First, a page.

Nobody should have to choose between putting food on the table and keeping the rest of the country safe from Covid-19. But for some that’s a reality as lockdowns continue to hit vulnerable communities – and it’s the National Party that’s responding to their plight, writes political editor Jo Moir.

For the fourth time in a year, Auckland is suffering a Level 3 lockdown and for vulnerable communities, particularly those in South Auckland, the threat of 14 days of self-isolation is a financial nightmare.

The Government has a leave support scheme that provides one-off payments to employers to help cover the costs of their employee being off work.

It’s a flat rate of roughly $1170, which when you take into account average South Auckland rent prices, it leaves barely $100 in the bank.

The onus is on an employer to top it up to the full amount a worker earns a fortnight, or at least 80 percent of that sum, although it is not a legal requirement, leaving employees reliant on the goodwill of their employers.

That’s a grim fortnight for families already struggling to make ends meet, and as National leader Judith Collins says, it’s “well below the minimum wage and below what a full-time worker would earn from sick leave’’.

So with that in mind, the Opposition has announced a scheme that would make it easier for people to stay home and self-isolate.

National is calling on the Government to pay 100 percent of a person’s wages and salary for the two week self-isolation period.

Wage payments would be capped at twice the average ordinary time weekly earnings – just over $2500 based on the December 2020 quarter – and payment would go directly to the employee.

As National’s Covid-19 spokesperson Chris Bishop has pointed out, there’s already a system in place that pays employees 100 percent of their earnings direct, for people who take time off from work to donate organs.

Based on the number of people required to self-isolate for a fortnight in the latest cluster, the Government would only be supporting a couple of thousand.

While that number could potentially blow out in future lockdowns, that shouldn’t be a reason not to help those in need right now.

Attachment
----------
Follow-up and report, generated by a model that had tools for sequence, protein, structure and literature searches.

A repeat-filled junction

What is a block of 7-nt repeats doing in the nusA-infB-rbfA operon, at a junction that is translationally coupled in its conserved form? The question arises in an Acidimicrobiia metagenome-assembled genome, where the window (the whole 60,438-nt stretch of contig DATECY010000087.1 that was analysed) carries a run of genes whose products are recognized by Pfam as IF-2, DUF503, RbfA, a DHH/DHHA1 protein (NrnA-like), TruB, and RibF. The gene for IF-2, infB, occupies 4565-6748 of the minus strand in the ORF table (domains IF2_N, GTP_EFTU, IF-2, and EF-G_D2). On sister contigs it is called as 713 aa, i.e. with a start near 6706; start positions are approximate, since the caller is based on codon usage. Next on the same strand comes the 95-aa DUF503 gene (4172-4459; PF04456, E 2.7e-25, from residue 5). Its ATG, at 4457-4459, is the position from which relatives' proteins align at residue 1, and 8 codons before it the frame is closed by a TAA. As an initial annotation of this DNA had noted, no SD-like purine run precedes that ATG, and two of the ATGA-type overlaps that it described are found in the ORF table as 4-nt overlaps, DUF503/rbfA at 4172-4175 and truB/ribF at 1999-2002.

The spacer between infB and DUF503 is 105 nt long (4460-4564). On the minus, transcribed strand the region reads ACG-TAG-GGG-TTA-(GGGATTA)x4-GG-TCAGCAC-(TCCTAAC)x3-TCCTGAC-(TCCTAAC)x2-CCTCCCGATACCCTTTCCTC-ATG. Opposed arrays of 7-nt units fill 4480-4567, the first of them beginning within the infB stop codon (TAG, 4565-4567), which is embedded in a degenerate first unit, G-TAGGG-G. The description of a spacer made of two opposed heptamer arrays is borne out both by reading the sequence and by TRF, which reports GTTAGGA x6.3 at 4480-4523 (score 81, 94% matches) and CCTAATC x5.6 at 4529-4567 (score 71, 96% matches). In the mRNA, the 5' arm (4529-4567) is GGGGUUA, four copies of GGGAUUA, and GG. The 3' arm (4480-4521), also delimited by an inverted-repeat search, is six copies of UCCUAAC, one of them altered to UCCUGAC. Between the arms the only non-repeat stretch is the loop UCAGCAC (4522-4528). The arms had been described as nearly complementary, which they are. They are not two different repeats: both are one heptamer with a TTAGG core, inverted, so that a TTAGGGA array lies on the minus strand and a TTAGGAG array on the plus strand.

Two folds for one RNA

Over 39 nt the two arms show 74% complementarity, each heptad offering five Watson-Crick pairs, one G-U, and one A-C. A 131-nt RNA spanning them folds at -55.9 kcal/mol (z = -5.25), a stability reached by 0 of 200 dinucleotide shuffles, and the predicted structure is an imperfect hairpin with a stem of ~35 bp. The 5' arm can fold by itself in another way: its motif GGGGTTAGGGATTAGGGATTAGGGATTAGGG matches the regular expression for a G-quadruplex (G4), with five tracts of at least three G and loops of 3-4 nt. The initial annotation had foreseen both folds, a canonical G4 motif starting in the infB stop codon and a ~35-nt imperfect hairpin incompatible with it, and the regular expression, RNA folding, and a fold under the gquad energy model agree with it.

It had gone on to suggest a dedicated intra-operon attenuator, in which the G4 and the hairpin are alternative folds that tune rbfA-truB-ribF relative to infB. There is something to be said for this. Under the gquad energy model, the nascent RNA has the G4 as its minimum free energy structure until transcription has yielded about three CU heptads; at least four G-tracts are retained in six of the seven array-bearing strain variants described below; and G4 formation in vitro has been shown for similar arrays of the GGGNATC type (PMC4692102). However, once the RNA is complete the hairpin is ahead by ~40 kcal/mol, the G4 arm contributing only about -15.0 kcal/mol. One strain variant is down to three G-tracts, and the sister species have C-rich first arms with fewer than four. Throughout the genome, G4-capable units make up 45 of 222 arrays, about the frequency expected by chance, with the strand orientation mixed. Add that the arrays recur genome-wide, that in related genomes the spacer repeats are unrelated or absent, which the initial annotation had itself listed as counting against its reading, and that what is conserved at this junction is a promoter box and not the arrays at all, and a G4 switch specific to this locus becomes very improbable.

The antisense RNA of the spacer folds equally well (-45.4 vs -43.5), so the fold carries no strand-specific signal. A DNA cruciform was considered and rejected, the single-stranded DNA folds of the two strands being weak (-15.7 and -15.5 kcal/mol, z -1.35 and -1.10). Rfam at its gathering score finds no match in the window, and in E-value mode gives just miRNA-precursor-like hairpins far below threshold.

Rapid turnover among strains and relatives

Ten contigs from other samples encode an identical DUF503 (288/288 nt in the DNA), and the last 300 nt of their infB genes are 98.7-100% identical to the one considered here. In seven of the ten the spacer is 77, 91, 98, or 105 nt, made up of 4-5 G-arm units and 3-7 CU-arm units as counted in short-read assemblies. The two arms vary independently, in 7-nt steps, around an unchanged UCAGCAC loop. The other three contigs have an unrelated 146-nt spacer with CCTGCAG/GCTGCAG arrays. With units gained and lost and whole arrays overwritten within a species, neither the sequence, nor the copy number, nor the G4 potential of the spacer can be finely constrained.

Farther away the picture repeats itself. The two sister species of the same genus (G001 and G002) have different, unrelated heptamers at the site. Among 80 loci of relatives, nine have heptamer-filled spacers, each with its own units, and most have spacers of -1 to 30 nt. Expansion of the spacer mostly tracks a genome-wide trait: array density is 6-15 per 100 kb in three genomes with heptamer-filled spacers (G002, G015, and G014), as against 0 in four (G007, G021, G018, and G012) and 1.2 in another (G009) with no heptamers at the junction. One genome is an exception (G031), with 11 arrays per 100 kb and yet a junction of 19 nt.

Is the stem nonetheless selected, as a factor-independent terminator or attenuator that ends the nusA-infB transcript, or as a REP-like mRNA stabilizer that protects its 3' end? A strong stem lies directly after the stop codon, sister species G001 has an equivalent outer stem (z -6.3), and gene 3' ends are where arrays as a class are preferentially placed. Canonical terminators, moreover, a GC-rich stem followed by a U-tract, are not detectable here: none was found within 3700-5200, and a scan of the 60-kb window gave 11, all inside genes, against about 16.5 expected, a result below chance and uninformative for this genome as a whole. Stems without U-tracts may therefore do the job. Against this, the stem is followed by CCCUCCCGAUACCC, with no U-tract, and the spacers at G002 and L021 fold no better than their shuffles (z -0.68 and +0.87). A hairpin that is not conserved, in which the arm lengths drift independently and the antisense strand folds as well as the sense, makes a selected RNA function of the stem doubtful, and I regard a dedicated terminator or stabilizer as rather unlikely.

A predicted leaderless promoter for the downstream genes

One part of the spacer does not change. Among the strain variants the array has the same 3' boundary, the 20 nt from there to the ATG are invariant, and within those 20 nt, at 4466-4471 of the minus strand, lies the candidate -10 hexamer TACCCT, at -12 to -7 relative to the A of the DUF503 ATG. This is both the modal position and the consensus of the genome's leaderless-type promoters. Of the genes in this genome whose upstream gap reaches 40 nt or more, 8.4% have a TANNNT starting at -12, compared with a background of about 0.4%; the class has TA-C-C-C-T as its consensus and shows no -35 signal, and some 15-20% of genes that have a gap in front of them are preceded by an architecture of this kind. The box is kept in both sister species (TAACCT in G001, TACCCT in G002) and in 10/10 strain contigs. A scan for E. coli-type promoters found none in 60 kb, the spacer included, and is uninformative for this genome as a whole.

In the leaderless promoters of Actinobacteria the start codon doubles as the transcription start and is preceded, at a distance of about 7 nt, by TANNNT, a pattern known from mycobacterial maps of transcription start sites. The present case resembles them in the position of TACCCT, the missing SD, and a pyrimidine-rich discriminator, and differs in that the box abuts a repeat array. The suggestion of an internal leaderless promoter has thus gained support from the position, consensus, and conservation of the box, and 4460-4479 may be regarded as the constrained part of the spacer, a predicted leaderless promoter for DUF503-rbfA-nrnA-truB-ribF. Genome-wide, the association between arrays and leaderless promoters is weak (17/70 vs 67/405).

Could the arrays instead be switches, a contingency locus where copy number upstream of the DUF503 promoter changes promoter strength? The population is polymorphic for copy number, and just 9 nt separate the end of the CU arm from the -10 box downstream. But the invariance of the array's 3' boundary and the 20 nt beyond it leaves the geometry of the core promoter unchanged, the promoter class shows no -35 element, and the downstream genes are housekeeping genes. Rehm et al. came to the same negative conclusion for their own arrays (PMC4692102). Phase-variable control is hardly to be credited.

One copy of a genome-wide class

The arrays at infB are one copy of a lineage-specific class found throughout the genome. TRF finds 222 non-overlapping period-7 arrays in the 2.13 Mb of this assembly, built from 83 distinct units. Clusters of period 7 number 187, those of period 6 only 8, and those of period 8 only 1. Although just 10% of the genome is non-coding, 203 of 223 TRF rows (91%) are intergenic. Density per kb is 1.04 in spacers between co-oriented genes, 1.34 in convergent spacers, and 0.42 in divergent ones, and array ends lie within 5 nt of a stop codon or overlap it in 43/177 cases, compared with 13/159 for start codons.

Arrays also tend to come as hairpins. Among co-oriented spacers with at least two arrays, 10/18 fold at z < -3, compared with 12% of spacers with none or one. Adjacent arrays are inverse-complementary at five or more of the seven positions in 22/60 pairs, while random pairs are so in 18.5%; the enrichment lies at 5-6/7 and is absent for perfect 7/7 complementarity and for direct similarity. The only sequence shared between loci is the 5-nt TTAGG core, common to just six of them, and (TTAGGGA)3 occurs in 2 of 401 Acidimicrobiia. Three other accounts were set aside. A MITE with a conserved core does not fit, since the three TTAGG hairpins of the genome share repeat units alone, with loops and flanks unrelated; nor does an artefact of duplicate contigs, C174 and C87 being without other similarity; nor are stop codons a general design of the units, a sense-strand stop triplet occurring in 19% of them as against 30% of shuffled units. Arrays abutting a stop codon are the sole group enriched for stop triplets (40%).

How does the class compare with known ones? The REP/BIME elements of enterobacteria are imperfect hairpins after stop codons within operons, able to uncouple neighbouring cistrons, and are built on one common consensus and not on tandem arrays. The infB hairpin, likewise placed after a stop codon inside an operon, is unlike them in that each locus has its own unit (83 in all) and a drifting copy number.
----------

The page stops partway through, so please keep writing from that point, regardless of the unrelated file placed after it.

Given there’s $100 million still unused in the leave support scheme fund, it’s not as if there isn’t money available for exactly this sort of thing.

Asked on Wednesday whether the Government would pick up the policy, Covid-19 Minister Chris Hipkins said it couldn’t financially compensate everyone under every possible scenario.

“What we’re trying to do is make sure we’re spreading financial support as widely as we can to those who need it the most, so we can all get through this,’’ Hipkins said.

And right in that moment, he put a torpedo through his own argument, because the people who need it most are those in South Auckland required to stay home and self-isolate.

Hipkins accepted that 100 percent of employees’ earnings weren’t covered under the scheme, but says the Government isn’t proposing to make any changes to that.

Instead, he says employers are being asked to “do the right thing’’, even though the businesses themselves may be facing dire financial straits.

Those people identified as needing to self-isolate for 14 days are also being asked to do the right thing and stay home.

In some cases they have the full weight of the nation’s judgment put on them by the Prime Minister when they break the rules.

A good starting point for incentivising people to stay home and protect the rest of the country from lockdown restrictions would be making sure they had enough money to pay the bills and put food on the table.

Leaving that responsibility with employers is irresponsible from a Government preaching kindness and compassion.

Jo Moir is Newsroom's political editor.

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